Tribute to Lourdes Garcia
From Robert Marion, MD
For the past 21 years, since the Einstein/Montefiore Spina Bifida Clinic moved from Einstein Hospital in the Bronx to Blythedale Children’s Hospital in Westchester I have proudly served as Lourdes’s spina bifida doctor. Although we were supposed to be only doctor and patient, ours has always been something much greater than the usual patientdoctor relationship: we have been friends and colleagues, teacher and student (and I mean that with both of us sometimes serving as teacher to the other), comforter to each other in times of sorrow and congratulator in times of triumph. Together, we have faced extraordinary challenges in Lourdes’s life as well as in my own.
And always, no matter how dire or serious times became, Lourdes somehow managed to face each day with a smile on her face and a happy and supportive word coming from her mouth. It was her smile and her optimistic attitude that were Lourdes’s most memorable features. At all times, sometimes against terrible odds, she always found the ability to smile. In fact, up until the death of her beloved Albert a couple of years ago, I can only remember her crying once. Since this episode is so emblematic of who Lourdes was, I’d like to recount it for you now.
It was a Friday morning in the early 1990s. Lourdes, in her role as patient liaison in the spina bifida clinic, was translating for a new patient who had recently come to us from Mexico. Sandra was a beautiful 18 year old young woman who seemed perfect in almost every way. Until very recently, she had been able to walk, climb stairs, run, all without need for assistance. However, because of a low sacral spina bifida, she suffered from the complete lack of sensation in her feet, a complication that made her susceptible to the development of infections and ulcers. Approximately a year earlier, Sandra had cut her foot and developed an infection, which, in Mexico, had not been adequately treated. The infection had spread to the bones of her foot. She had come to us in an attempt to find out if anything could be done to treat this problem.
X rays done at clinic that morning showed that all of the bones of Sandra’s foot had literally been eaten away by the chronic osteomyelitis, the official name of her infection. Looking at the X rays, Dr. Seimon, our orthopedic surgeon, realized that the only option was to amputate the leg below her knee and provide her with a prosthesis. Dr. Seimon entered the exam room, put the X rays on the light board, and explained the findings to Lourdes, who transmitted the information to Sandra in Spanish. At the end of his explanation, Dr. Seimon asked, “Sandra, what would you like us to do?” Without hesitation, Sandra replied, in Spanish, “I know you cannot fix my foot. The best thing would be to remove it and give me an artificial one.” Lourdes translated these words to Dr. Seimon, then wheeled herself out of the exam room, and disappeared into the clinic’s bathroom. Carolyn, one of the nurses, summoned me to find out what was going on.
I entered the bathroom to find Lourdes sobbing. When I asked what was wrong, all she could say was, “Why did it have to be Sandra? She’s so beautiful, so perfect. Why couldn’t it have been my foot? I don’t use it anyway. Why couldn’t they take mine and leave Sandra alone?”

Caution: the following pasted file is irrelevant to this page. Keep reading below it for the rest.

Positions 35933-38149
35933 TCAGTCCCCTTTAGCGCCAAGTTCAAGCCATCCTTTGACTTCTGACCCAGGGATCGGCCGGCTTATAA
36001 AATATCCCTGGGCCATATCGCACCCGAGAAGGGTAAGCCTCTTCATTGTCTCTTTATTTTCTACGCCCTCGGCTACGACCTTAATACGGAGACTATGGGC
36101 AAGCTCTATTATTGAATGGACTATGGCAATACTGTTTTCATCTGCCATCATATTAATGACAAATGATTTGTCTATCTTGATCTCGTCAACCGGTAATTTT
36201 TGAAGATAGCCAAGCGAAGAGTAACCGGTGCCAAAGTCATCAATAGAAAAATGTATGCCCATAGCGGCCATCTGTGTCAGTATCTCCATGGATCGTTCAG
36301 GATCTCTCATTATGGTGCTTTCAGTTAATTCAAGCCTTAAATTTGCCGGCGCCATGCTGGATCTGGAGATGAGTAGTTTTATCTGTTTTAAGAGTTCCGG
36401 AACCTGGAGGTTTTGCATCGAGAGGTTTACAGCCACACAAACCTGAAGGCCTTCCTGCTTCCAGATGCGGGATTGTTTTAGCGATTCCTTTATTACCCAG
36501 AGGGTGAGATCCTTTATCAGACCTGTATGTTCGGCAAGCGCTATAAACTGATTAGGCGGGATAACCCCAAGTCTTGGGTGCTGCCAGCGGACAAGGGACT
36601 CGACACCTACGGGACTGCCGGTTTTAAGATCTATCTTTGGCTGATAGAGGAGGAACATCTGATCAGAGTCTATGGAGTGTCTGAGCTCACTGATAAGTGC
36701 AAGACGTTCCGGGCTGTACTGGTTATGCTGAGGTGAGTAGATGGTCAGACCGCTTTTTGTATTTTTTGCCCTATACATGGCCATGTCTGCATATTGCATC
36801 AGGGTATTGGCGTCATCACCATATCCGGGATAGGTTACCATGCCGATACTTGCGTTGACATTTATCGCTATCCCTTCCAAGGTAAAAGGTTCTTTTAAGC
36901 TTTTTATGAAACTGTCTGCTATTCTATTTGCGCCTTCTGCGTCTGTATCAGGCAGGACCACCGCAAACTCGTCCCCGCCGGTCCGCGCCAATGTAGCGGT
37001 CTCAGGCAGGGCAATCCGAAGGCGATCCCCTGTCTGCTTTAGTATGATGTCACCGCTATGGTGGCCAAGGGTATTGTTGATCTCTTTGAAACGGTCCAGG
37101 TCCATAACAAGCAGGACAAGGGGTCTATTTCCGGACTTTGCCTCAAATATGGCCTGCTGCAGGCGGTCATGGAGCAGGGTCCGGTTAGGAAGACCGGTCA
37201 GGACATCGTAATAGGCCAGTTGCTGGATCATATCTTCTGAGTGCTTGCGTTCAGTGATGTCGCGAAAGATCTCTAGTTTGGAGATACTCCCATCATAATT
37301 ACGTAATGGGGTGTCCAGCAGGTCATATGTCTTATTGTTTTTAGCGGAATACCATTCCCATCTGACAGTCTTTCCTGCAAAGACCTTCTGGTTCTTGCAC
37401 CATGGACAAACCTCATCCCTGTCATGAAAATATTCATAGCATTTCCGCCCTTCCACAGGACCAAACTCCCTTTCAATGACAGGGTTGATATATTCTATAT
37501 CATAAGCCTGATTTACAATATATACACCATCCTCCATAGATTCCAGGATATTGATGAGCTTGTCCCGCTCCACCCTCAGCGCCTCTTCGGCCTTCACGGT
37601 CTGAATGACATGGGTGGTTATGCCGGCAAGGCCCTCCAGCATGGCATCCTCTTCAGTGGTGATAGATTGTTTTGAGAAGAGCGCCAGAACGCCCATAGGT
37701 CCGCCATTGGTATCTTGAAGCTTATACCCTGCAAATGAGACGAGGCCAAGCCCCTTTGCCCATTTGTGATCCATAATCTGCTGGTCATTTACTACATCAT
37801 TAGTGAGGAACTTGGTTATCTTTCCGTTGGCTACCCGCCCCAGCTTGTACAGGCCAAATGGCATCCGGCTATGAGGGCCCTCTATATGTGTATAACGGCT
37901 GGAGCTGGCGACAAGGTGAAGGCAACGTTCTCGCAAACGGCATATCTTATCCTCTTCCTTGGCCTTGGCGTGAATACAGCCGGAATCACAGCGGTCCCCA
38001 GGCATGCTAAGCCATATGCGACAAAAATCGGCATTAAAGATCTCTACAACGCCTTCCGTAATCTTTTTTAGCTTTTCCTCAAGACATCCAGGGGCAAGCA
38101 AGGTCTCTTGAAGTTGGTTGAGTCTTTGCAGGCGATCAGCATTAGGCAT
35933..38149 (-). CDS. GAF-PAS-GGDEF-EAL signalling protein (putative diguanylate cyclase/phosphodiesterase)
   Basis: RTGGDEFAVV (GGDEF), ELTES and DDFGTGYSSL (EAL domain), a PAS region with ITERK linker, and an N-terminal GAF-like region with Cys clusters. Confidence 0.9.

This is how Lourdes was: she was always more concerned with the well-being of those around her than with herself. Through her terrible medical problems, through her bout with breast cancer and the multiple problems with her kidneys and bladder, her legs and her feet, her shunt and her skin breakdowns, Lourdes never asked, “Why me?” never asked for special help or special attention, never seemed cross or angry or depressed. She greeted each day and each interaction with her beautiful smile and, as I’ve already mentioned, with a kind word to everyone who crossed her path. It is this that will live on after her in our memories.
But that’s not all that will live on. As I already mentioned, Lourdes and I had a relationship that transcended the relationship most doctors have with their patients. Because we were friends and colleagues, I took advantage of her on many occasions, asking her to speak to trainees about what it was like to live in the Bronx in the late 20th and early 21st century with Spina Bifida. Through the years, Lourdes has spoken about her life to more than 200 pediatric residents at the Children’s Hospital at Montefiore, more than 500 medical students at the Albert Einstein College of Medicine, and more than 200 genetic counseling trainees from Sarah Lawrence College. She has indelibly etched herself into these people’s memories, becoming a permanent part of their understanding of exactly what it means to have spina bifida.
I know that this is the case, because wherever I go, at Montefiore or at Blythedale, at the medical school, or farther afield, when I’m invited to speak at other institution, former trainees always come up to me and ask how that woman with spina bifida is doing. Because she has become a lasting memory for all of these people, Lourdes will live on for many years to come. Whenever the term “spina bifida” is used, the picture of this smiling, laughing woman sitting in her wheelchair, talking about her life will always come to their minds. And there’s more. In the past two years, Lourdes has become obsessed with the plight faced by adults with spina bifida in our society. She came to understand, through her own personal experience, that once school ends at 18 or 21 years of age, and services dry up, people with spina bifida as well as those with other disabilities, essentially become marooned in their apartments; there are few services available, little chance for social interactions with anyone other than their immediate families, a paucity of opportunities to find a job, and no chance to further their education.
Although many people who find themselves in this situation would become depressed, bitter, and angry, Lourdes simply wasn’t wired to respond this way. Rather, she decided to organize a support group for adults with spina bifida. And so, with some help from Joanne Siegel and me at the Kennedy Center at Einstein, against virtually all odds, Lourdes pulled this off: in June 2008, the Bronx Adult Spina Bifida Support Group celebrated its first anniversary. Meeting monthly in the Kennedy Center to provide educational, service, and, most importantly, social outlets for our expanding group of adults, the group has been a tremendous success. Like all those people she helped train, this, too, will live on into the future, aiding those who Lourdes felt closest to, serving as a permanent legacy to Lourdes.